Improvements in plant lighting have helped indoor gardening grow by leaps and bounds. Today it’s possible to produce large quantities of fresh tomatoes, cucumbers, succulents and all kinds of beautiful flowers in your own home all year round! Here, we discuss the latest news and information related to grow lights and hydroponics to houseplants and plant propagation.
It’s been over a year since I moved from Montana to the sunny and somewhat warmer (or considerably, depending on the day) climes of Northern New Mexico. Despite the passing of those 13 months, I still mourn the loss of my rosemary. After all, we’d grown close considering all the time I’d spent moving them around, indoors and out, to avoid the coldest weather but to guarantee they had enough sun. They provided many a sprig or just a flat leaf or three (rosemary, as all cooks know, is strongly flavored) to slide in under the skin of chicken or to flavor a pork roast stew.
I carefully packed my two deeply-potted plants when we left and tucked them into the back of the hatchback with the dog for the long trip. They survived it just fine (the dog, too). I had the perfect new home for them, a sun porch with southwest exposure. They seemed happy enough for a while but then started to wilt. I figured the sun was drying them out and gave them more water. Big mistake. (more…)
It’s never to early to start thinking about those holiday gifts you’ll be buying even if, like your friendly Planet Natural Blogger, you’re a last minute shopper. (Remember… we said we’re only thinking about holiday gifts… the buying still comes last minute.) Because we ascribe to the idea that knowledge is power, especially when it comes to gardening, we often choose books to give to our nearest and dearest. Here’s a new book that we think is especially suited for, well, just about anyone. Tovah Martin’s The Unexpected Houseplant is a fascinating and refreshing way to look at the growing things we raise indoors. It’s perfect for those who already decorate their homes with green things as well as those who don’t but might like to.
Martin is a Connecticut-based, organic gardener who write extensively on the craft of growing things. Her previous book is The New Terrarium: Creating Beautiful Display for Plants and Nature. She’s also a busy blogger — check out plantwise.com — and she’s published in magazines ranging from Horticulture to Country Gardens. More than just a gardener, Martin is a crusader for growing and the gardening life-style. Her books aren’t simple how-to’s but seek to convert readers to gardening with their not-so-subtle emphasis on aesthetics and gardening as lifestyle. “I’m doing my best to demonstrate how plants can changer your psyche when you welcome them into your life,” she writes in the introduction to The Unexpected Houseplant. And that includes welcoming them inside your home as well as outdoors. (more…)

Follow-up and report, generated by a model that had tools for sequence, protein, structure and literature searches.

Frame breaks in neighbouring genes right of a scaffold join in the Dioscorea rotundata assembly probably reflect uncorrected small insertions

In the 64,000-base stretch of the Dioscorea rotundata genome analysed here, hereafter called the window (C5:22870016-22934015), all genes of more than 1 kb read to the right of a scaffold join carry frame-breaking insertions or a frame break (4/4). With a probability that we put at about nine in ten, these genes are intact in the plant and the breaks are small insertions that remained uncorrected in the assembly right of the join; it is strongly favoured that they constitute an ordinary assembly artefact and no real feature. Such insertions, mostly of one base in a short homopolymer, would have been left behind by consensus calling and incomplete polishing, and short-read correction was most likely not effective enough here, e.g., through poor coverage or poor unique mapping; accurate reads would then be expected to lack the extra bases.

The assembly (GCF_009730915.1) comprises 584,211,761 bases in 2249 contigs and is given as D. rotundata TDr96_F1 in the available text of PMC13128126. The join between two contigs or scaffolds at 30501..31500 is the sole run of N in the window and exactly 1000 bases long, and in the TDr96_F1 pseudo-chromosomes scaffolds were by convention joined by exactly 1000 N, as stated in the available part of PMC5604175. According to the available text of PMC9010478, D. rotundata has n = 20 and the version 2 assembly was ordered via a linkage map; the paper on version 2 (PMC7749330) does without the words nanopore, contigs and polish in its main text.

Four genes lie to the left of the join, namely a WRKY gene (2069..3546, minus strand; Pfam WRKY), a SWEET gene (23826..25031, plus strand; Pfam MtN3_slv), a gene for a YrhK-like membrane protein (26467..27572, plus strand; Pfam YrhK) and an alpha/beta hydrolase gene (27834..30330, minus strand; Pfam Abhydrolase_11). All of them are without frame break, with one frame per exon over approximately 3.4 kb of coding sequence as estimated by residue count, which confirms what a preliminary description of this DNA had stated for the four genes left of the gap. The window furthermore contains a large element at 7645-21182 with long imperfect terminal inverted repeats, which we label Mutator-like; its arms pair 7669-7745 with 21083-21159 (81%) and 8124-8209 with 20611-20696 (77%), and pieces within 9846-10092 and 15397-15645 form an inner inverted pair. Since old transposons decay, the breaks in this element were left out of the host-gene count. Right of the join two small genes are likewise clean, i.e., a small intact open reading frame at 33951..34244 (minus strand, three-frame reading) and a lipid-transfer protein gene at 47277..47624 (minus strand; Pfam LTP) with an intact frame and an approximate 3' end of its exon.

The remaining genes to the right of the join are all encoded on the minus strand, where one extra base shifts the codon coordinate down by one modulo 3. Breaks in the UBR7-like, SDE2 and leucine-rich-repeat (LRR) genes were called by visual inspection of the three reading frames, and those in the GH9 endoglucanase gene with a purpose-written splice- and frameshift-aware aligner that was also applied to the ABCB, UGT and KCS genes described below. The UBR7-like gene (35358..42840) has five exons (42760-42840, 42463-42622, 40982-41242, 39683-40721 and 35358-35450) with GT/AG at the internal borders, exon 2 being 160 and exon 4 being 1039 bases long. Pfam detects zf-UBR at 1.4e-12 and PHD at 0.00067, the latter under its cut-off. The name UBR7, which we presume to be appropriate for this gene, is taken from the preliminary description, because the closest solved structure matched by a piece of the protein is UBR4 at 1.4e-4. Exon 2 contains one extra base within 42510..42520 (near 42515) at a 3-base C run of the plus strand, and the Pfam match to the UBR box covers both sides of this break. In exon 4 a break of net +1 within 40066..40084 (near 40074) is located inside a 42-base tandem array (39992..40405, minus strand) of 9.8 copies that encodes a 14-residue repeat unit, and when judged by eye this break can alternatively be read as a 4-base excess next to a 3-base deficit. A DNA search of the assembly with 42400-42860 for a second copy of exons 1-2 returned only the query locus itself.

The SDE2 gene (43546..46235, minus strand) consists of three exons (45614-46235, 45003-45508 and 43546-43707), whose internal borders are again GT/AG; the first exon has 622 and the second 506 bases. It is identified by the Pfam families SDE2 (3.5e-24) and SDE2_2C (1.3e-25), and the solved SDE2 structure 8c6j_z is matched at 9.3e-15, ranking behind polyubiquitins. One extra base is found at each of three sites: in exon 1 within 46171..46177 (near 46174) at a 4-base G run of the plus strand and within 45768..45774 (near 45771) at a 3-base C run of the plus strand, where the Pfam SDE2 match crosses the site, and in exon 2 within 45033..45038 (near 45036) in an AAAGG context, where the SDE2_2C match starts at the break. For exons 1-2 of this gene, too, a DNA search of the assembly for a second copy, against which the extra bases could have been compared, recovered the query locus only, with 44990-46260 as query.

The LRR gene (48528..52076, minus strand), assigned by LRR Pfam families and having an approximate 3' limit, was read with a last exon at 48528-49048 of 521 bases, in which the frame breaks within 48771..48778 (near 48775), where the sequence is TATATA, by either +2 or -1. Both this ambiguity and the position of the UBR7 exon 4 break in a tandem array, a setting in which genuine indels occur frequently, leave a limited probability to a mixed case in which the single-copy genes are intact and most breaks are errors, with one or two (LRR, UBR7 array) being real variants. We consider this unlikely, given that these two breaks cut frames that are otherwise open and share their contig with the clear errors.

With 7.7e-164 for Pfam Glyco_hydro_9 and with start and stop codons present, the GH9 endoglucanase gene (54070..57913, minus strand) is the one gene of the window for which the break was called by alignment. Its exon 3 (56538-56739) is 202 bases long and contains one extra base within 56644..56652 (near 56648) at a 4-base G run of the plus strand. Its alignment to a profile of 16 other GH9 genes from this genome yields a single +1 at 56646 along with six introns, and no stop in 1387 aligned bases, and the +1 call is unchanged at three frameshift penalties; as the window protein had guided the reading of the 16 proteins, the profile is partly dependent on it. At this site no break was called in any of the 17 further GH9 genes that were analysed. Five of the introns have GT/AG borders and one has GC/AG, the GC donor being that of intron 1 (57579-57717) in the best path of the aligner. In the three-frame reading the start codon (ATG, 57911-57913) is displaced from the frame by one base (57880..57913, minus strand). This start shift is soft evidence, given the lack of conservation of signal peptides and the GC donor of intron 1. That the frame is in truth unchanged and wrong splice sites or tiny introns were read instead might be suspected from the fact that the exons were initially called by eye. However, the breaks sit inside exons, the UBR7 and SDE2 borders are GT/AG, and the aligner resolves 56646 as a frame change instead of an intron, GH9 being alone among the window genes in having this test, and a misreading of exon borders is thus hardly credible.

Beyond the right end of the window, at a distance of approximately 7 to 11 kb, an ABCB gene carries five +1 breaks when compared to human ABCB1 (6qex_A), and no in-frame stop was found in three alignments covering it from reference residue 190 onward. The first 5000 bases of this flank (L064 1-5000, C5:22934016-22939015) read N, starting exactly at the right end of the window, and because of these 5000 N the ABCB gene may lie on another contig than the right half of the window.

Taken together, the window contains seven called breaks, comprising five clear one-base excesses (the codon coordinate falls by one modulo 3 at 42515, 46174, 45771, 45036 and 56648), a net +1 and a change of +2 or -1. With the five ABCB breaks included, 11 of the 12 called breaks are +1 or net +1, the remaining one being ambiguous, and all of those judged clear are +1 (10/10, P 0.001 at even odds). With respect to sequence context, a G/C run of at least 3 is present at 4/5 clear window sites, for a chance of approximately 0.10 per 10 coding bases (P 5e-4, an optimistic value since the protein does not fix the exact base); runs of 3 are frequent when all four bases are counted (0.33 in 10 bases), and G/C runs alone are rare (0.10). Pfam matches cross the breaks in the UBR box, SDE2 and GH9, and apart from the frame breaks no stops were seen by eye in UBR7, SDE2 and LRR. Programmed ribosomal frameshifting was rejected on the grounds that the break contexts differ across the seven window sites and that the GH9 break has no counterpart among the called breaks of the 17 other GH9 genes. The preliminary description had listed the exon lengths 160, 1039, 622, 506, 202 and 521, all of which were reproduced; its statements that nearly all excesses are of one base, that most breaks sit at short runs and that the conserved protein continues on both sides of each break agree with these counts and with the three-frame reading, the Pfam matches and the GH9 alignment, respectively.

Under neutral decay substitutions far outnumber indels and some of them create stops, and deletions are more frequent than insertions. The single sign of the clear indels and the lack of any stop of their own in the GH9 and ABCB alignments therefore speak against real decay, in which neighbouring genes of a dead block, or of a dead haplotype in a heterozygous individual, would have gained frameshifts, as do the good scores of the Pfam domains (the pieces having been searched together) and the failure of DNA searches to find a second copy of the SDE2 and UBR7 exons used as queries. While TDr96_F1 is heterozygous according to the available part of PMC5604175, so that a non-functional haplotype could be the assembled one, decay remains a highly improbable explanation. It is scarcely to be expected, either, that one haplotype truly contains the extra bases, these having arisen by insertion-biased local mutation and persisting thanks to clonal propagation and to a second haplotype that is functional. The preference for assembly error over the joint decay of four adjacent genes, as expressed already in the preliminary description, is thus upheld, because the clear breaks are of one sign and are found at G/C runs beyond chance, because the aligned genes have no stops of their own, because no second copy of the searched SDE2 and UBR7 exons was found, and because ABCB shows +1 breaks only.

Here’s a trick question: What’s the single most important factor when growing indoors? The answer is, of course, that there’s no single factor that determines success. Plant lighting, temperature, water, potting conditions and nutrients all play an inter-related role. All are crucial. You can’t separate one from the other. You may have perfect light in religiously timed and measured lumens. But if your plants don’t have enough moisture, or they’re exposed to extreme temperature variations, well, all that money you spent on lights is wasted. Likewise, if you put plants out on your sun porch — plenty of light! — but the dead-of-winter sun shines in only six hours each day, your plants will do little but maintain (if that). Worse, if that six hours of sunlight heats the room beyond what the plant can bear — or if it loses a lot of heat through all that glass at night — your plants will be lucky to survive the variations let alone flourish.
Forget the trick questions. Instead, we offer this absolute statement: The most wide-spread misconception concerning indoor plant lighting is that your plants will do fine in a sunny windowsill. “Growing” is the key word here. You may be able to overwinter houseplants or a potted herb or two in a sunny window. But for growth? You need to recreate the complete, concentrated, and long light conditions that plants experience outdoors during the summer. (more…)